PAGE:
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Kim Smith was no stranger to stress — her job in community corrections often brought her face to face with members of Winnipeg’s violent street gangs.
But as she lay in a local hospital’s gynecology ward more than a year ago, nurses called her brother with an unusual question: Did Kim suffer from any kind of emotional troubles?
The woman, her caregivers said, had been telling them she wanted to kill herself.
It was a shocking turn of events, coming a week after Ms. Smith entered St. Boniface Hospital for a routine hysterectomy and ovary removal. In the days since the operation, however, she had been complaining of escalating pain in her gut, so intense she began to fear for her life — and then apparently wanted to end it.
By the time medical staff took the woman’s complaints seriously, an infection inside her belly had developed into necrotizing fasciitis (flesh-eating disease) and devoured large chunks of her abdomen.
Within hours of emergency surgery to drain “brown, foul-smelling liquid” and excise dead tissue, and four days after her 45th birthday, Ms. Smith was dead.
“She kept yelling at me, ‘I know my body, I know there’s something wrong in my stomach and nobody wants to listen to me. And I’m going to end up dying here,’ ” said Kym Dyck, her sister-in-law. “She died the most horrible, painful death anybody could suffer, and nobody would listen to her and reach out to her.”
Ms. Smith’s tragic demise was more dramatic than many cases of hospital-acquired infection (HAI). Necrotizing fasciitis is a frightening, but rare, complication. Still, about 8,000 Canadians a year die from bugs they contract in facilities meant to make them better, while many more see their hospital stay prolonged by such illness.
Yet after years of well-intentioned work and millions of dollars spent on combatting the scourge, the details and extent of the problem remain murky.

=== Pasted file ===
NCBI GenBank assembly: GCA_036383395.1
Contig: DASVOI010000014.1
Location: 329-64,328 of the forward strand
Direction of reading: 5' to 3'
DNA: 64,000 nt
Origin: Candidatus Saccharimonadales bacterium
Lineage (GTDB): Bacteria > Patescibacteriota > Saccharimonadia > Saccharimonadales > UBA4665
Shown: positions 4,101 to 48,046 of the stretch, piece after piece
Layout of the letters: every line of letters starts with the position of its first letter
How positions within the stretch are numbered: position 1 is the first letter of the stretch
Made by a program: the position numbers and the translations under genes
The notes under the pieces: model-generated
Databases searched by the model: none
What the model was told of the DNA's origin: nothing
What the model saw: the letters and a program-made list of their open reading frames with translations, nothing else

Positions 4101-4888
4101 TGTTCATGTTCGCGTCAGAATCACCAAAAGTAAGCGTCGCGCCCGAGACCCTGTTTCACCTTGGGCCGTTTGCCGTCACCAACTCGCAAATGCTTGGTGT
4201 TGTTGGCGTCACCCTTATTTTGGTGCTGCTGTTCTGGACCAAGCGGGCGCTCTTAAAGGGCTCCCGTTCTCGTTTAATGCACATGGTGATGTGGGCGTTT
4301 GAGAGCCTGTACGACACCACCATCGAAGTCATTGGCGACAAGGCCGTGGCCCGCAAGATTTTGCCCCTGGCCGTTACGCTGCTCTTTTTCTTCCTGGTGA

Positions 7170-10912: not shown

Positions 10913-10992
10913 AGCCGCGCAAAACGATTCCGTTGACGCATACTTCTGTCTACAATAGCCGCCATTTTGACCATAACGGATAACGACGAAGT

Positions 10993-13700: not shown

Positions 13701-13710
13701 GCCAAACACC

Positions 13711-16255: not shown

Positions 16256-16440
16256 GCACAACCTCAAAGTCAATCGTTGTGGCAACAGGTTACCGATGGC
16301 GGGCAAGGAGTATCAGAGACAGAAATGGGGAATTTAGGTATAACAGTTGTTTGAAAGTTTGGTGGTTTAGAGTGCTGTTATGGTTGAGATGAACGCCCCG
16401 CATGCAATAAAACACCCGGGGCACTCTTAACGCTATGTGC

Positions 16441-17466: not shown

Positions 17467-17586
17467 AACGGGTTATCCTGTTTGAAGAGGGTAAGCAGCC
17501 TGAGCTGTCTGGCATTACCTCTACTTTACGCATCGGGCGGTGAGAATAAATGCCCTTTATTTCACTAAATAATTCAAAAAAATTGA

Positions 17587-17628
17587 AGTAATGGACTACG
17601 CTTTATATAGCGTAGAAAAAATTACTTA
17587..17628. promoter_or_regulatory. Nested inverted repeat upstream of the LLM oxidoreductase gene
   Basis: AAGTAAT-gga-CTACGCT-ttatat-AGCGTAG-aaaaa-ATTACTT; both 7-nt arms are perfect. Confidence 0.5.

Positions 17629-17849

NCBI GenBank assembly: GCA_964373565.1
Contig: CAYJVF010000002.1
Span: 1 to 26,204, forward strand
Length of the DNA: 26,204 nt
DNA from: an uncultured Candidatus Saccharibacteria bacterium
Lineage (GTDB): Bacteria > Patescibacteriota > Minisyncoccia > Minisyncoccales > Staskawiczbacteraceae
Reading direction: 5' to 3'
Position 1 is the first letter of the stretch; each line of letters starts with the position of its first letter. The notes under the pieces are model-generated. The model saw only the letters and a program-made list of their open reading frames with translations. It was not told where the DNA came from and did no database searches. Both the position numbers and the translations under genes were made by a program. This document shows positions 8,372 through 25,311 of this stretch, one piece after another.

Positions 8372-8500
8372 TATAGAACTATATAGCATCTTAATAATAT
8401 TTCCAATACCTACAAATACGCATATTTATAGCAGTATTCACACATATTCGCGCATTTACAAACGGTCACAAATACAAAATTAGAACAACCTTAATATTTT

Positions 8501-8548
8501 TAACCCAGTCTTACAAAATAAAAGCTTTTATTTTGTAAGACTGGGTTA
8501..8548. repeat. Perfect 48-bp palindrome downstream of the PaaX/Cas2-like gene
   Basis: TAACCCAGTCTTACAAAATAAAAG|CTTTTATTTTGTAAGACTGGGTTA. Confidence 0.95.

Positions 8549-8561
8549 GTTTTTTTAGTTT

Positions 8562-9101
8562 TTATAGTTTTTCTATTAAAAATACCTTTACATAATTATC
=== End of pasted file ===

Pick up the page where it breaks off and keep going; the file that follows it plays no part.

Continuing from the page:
No national statistics, for instance, document the number of surgical-wound infections like Ms. Smith’s, one of the most common types of hospital-acquired pathogens.
A federal agency now publishes rates of sepsis, or blood infection, at individual hospitals, but their methodological value is a matter of debate. Government tracking of worrisome, drug-resistant bacteria is patchy and of questionable practical use, say infectious-disease physicians.
“There is no question that at a national level, both our surveillance for hospital-acquired infection and our surveillance for anti-microbial resistance is not serving our needs,” said Allison McGeer, an infectious-disease specialist at Toronto’s Mount Sinai Hospital. “[And] we know, very substantially, that you can’t fix what you’re not measuring.”
Meanwhile, important lessons about how diseases spread inadvertently within health facilities often come to light in fits and start.
Two hospitals in Toronto and one in Quebec, for instance, announced independently in the late 2000s that they had discovered contaminated sinks were the source of separate, deadly outbreaks of infection.
Some word of the episodes got out through specialized medical journal articles, academic conferences and sporadic news stories. But there is no systematic way of disseminating such information across the system, said Darrell Horn, a former patient-safety investigator for the Winnipeg Region Health Authority.
“It’s just totally loosey-goosey,” he said.
You could sit and call every hospital in the country, and ask them when was the last time they cleaned the sink in the [neonatal intensive care unit] and how they cleaned it, and you’d get nothing but blank stares
“You could sit and call every hospital in the country, and ask them when was the last time they cleaned the sink in the [neonatal intensive care unit] and how they cleaned it, and you’d get nothing but blank stares.”